Friday, August 31, 2012

Happy B'day, Chris Tucker: Rush Hour


TRASH IN MY EYE No. 112 (of 2007) by Leroy Douresseaux


Rush Hour (1998)
Running time: 97 minutes (1 hour, 37 minutes)
MPAA – PG-13 for sequences of action/violence, shootings, and for language
DIRECTOR: Brett Ratner
WRITERS: Jim Kouf and Ross LaManna; from a story by Ross LaManna
PRODUCERS: Roger Birnbaum, Jonathan Glickman, and Artur Sarkissian
CINEMATOGRAPHER: Adam Greenberg
EDITOR: Mark Helfrich
COMPOSER: Lalo Schifrin

ACTION/COMEDY/CRIME

Starring: Jackie Chan, Chris Tucker, Tzi Ma, Tom Wilkinson, Ken Leung, Julia Hsu, Elizabeth Pena, Philip Baker Hall, Rex Linn, Mark Rolston, and Chris Penn

The subject of this movie review is Rush Hour, a 1998 action comedy film from director Brett Ratner. The film stars Jackie Chan and Chris Tucker and was the first in a franchise of three films (thus far).

In the action/comedy, Rush Hour, the Fastest Hands in the East meet the Biggest Mouth in the West when two detectives from different worlds come together. They quickly discover that they don’t like each other, but are forced to work together to save the life of a little girl.

Hong Kong Detective Inspector Lee (Jackie Chan) comes to the United States to assist in the investigation of a kidnapped girl. The girl, Soo Young (Julia Hsu), and her father, Consul Han (Tzi Ma), the head of Hong Kong’s U.S. consulate, are close friends of Lee. However, the FBI doesn’t want Lee to participate in the investigation. Detective James Carter (Chris Tucker) of the LAPD also wants to get in on the investigation, but the FBI only wants him around to be escort Lee and keep him away from the investigation. Neither Lee nor Carter is willing to be relegated to the sidelines, and they begin their own mission to rescue the Soo Young. However, they’re up against the mysterious Hong Kong crime lord Juntao and his vicious henchman, Sang (Ken Leung), so Lee and Carter are getting all they can handle and more.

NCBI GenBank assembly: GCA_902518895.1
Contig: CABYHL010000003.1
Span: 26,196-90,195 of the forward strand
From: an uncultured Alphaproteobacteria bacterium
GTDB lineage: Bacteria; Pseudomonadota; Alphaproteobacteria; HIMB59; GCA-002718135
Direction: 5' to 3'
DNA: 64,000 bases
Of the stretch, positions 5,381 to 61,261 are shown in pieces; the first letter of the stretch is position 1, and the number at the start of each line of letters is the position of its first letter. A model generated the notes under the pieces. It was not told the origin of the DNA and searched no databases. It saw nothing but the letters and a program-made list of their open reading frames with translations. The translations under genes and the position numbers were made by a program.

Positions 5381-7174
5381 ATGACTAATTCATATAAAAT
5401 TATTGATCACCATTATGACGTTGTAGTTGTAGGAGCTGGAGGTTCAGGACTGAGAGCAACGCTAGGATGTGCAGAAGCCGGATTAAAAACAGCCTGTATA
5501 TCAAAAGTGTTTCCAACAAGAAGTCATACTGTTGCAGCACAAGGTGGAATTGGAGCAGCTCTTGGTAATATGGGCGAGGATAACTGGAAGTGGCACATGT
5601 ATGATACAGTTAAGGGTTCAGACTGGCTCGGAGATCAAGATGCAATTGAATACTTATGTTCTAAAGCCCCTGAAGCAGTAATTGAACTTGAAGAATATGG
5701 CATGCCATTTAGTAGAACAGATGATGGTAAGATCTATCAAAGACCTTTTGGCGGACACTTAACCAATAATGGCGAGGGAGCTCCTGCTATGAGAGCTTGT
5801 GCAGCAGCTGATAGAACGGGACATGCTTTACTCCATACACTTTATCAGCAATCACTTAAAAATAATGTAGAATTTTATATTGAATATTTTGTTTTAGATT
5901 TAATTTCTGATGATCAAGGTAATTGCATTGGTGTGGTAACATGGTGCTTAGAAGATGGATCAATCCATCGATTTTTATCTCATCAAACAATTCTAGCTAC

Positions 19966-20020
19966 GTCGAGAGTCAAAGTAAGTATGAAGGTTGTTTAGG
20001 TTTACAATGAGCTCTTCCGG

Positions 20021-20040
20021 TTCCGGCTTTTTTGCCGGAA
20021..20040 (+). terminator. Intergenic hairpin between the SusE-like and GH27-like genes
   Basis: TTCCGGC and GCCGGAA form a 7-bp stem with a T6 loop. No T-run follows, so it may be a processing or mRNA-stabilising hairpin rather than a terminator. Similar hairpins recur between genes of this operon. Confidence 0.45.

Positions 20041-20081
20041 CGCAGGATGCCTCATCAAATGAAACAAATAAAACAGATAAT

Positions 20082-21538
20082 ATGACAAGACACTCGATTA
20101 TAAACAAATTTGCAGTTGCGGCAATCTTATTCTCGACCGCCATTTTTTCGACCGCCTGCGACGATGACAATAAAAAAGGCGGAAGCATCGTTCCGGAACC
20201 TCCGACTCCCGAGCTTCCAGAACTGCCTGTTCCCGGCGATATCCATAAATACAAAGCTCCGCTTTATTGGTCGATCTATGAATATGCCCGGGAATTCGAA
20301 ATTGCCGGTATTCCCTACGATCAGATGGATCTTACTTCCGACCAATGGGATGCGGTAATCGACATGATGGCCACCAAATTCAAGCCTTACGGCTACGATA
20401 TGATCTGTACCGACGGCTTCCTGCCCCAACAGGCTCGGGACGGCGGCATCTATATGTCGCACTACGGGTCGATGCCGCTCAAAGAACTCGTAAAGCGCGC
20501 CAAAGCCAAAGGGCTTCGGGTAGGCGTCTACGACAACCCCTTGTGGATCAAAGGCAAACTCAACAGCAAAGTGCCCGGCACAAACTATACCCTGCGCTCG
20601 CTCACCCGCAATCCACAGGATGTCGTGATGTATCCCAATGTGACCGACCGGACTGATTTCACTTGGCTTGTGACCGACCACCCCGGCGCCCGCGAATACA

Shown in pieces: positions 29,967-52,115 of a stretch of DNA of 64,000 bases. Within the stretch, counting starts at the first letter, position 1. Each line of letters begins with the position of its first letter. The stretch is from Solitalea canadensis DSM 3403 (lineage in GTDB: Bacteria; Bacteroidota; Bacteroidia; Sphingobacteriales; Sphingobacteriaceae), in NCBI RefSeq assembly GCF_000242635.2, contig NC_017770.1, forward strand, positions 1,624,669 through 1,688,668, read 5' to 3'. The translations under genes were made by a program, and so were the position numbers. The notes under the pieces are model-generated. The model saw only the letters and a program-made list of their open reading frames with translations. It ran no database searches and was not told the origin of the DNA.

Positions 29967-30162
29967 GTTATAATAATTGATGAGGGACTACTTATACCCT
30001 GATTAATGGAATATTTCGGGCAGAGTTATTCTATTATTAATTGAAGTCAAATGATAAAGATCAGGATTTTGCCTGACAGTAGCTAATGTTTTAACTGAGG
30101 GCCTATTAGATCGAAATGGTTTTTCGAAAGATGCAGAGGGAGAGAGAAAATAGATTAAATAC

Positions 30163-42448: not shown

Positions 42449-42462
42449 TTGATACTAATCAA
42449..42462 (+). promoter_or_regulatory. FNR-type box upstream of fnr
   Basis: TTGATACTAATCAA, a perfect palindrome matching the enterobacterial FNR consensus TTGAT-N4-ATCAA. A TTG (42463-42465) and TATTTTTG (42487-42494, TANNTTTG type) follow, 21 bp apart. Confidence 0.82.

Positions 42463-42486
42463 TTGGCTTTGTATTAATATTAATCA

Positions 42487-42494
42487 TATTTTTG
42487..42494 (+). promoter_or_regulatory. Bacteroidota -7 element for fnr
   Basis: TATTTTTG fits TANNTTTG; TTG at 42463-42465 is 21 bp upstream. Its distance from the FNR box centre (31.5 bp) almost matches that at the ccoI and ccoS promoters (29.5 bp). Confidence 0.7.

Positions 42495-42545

Rush Hour succeeds because of the chemistry between the two leads. Jackie Chan and Chris Tucker seem like a natural fit. Perhaps, one of the reasons the pairing works is because each actor has several scenes alone, which allows each actor to do the things that audiences expect of him – martial arts from Chan and brash, edgy, streetwise comedy from Tucker. In that way, when they are together, we can enjoy them instead of pining for what we expect from them as solo performers.

The film is written and directed as if it were a cheap knockoff of Beverly Hills Cop and Lethal Weapon. Without Chan and Tucker, Rush Hour would have been little better than a direct-to-video action movie, but with them, it is a highly entertaining action/comedy.

6 of 10
B

Friday, August 03, 2007

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